Date: | Mon, 9 May 2016 16:30:20 -0700 |

From: | Toby Schachman |

Subject: | Euler's Theorem in the world (pirate game) |

I wanted to take a break from object tracking implementation to prototype an application of the object tracking so I made this proof of Euler's theorem "in the world".

**Proof**

**Discussion**

**Next Steps**

Euler's theorem states that given any polyhedron topologically equivalent to a sphere, the number of faces plus the number of vertices will be 2 more than the number of edges.

F + V - 2 = E

For example, a cube has 6 faces, 8 vertices, and 12 edges.

A dodecahedron has 12 faces, 20 vertices, and 30 edges.

Etc.

We take our polyhedron (let's say a cube) and declare one of the faces to be the "ocean".

Then we unfold our polyhedron so that we have one large "land mass" surrounded by ocean.

This is analogous to how we can take a globe and unfold it to make a flat map.

Now, we will pretend we are **barbarian sea raiders** invading this land mass!!

The edges are dykes which we can break to flood the faces.

Our first step in conquering the world is to repeatedly break dykes that separate currently dry faces from the water and flood those faces. Each time we destroy one face and one edge until we've flooded all the faces.

Now, the green vertices are towns. We can pillage any town that is connected to the rest by only one edge. Each time we destroy one town and one edge.

Eventually there's only one town left, which we pillage.

Here's a video of the whole process:

Hooray! We've pillaged everything!

Now, if you were counting along, we started by flooding one face (when we declared it the ocean). Then we destroyed one face and one edge each time. Then we destroyed one vertex and one edge each time. Finally we destroyed the last vertex.

Thus the number of edges is equal to the number of faces (minus 1, the initial ocean) plus the number of vertices (minus 1, the last town).

E = (F - 1) + (V - 1)

Therefore,

F + V - 2 = E

That this works is easier to see if you play the game. The hard part for me to convince myself was that the whole thing stays connected the entire time, so that you end up with just one town to destroy at the end. I think playing the game helps build the intuition needed to see this.

This is based on John Conway's proof in The Symmetries of Things.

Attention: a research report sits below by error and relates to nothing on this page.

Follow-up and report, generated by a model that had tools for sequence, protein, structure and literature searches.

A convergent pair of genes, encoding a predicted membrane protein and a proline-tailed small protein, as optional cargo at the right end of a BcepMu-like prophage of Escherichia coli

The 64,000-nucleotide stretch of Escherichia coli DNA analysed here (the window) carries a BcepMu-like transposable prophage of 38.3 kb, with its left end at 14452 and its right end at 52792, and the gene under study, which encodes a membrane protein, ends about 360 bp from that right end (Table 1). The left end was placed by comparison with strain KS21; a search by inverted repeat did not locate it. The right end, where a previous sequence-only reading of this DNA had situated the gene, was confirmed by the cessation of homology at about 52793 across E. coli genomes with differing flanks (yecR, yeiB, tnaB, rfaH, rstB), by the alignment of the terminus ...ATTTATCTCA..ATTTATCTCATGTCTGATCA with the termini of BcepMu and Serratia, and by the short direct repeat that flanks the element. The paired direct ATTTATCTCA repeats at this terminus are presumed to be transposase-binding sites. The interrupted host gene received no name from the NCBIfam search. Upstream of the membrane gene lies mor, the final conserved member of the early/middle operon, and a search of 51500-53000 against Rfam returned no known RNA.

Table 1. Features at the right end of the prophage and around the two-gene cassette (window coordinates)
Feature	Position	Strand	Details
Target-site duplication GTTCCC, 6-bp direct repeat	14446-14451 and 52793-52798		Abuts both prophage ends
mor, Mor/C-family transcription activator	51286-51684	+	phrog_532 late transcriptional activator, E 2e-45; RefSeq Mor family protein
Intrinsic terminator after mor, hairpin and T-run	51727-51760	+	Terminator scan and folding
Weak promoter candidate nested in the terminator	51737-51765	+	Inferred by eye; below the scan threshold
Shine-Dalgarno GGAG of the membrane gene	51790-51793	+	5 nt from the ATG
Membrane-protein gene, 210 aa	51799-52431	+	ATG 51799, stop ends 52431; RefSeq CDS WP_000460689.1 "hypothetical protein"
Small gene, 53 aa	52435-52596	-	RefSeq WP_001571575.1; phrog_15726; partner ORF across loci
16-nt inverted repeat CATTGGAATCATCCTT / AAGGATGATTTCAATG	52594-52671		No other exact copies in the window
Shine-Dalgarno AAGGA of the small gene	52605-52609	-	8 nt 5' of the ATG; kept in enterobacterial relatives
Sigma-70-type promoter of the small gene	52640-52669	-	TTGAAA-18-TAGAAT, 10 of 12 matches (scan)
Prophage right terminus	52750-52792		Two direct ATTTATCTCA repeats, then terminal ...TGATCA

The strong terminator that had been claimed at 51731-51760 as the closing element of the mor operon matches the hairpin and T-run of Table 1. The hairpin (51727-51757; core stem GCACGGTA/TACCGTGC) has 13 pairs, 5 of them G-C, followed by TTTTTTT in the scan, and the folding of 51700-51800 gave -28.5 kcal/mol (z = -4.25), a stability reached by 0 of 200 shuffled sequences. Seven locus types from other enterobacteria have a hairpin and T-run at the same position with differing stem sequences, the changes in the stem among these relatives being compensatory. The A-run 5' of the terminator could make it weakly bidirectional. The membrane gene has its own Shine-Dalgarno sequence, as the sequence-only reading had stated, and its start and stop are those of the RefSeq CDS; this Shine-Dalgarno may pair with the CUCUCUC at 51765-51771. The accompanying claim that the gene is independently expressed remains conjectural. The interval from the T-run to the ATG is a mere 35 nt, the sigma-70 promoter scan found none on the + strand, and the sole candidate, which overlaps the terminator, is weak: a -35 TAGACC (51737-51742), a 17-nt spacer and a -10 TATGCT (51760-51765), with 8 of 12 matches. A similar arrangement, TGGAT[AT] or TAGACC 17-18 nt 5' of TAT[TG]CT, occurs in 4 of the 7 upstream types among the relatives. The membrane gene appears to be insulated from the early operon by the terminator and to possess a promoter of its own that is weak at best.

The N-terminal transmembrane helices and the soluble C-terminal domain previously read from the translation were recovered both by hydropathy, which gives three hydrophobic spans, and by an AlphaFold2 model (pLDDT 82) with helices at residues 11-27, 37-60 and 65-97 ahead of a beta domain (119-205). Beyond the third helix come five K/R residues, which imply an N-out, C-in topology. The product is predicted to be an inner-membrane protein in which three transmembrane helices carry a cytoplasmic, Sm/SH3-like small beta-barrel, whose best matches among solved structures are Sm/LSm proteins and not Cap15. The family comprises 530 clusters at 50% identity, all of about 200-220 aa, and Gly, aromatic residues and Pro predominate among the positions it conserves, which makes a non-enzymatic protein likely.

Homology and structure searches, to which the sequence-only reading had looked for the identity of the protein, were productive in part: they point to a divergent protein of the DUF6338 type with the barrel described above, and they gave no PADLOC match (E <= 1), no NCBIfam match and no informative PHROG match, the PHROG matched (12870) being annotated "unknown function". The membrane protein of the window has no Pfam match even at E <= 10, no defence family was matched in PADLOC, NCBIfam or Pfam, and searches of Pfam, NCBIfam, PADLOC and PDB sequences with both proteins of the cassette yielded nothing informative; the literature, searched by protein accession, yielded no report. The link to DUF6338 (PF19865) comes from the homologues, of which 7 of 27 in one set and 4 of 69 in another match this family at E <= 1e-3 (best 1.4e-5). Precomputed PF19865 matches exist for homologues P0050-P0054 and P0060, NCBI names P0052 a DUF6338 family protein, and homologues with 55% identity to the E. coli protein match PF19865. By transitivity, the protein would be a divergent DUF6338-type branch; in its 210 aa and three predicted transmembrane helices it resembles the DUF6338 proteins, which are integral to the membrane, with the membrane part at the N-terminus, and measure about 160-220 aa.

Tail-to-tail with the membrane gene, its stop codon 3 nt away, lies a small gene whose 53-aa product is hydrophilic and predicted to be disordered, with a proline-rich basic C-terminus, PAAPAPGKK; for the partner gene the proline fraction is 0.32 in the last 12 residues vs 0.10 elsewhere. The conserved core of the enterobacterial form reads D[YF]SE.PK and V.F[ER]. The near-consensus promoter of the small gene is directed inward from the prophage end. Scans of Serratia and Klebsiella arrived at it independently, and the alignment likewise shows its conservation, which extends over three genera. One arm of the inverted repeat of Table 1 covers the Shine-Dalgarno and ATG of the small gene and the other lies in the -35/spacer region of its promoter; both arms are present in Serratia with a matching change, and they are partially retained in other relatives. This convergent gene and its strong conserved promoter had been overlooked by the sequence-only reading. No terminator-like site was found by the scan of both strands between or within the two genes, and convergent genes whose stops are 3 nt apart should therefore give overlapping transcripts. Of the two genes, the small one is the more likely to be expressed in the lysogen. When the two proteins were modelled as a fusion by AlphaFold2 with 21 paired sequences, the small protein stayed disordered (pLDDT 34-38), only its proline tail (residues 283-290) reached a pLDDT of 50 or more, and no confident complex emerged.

I've always thought this was a nicely explained and illustrated proof. Conway does a lot of proofs like this (see Winning Ways). He'll give super memorable mnemonics for the different objects involved in the proof and will invent stories to give "motivation" to various players who are trying to achieve certain goals in the invented world. The strategy allows us to leverage our "social strategic" mind to understand the proof.

It's also a form of "playing algorithm" which is a familiar strategy to us (Glen's Bubble Sort, Papert's "playing turtle", etc.)

Some things I learned while making this:

- Working with clay suggested things not possible on the flat page. I thought I would need to have some sort of video animation to show the unfolding. The 3D figures let you do a 3D animation where you can physically handle each one of the "frames".

- I did the programming using an "object model" similar to what Bret has proposed. The object types are Faces, Vertices, Edges, and Pirates (the game works with multiple Pirates). The Faces, Vertices, and Edges have render methods to illuminate the table. The "state" properties (is it pillaged or not) and location properties are observables. There are also some "derived" observables, for example is a Face, Edge, or Vertex "threatened" (in which case it turns red).

The main difference from doing it the traditional object oriented way is that I had a global "world" that had references to all of my objects and instead of traversing references from object to object I would instead do "queries" on the world (for example computing the "threatened" observable by querying all of the Pirates' locations).

I imagine this could be a whole "station" in our gallery (in the "exploratorium" section). I would like if there were a couple of example polyhedra (not just a cube) that you could put on the table and then you could play the game on those maps. Maybe you could draw your own maps too, or have them randomly generated. The game wants sound effects too.

There are limitations to having everything exist in one "screen". I would like the Faces, Edges, Vertices counters to be somewhere else, not exactly flat on the table.

I'm going to put this away for now to work on the Protrackers, which will make developing this game (and other things like it) easier.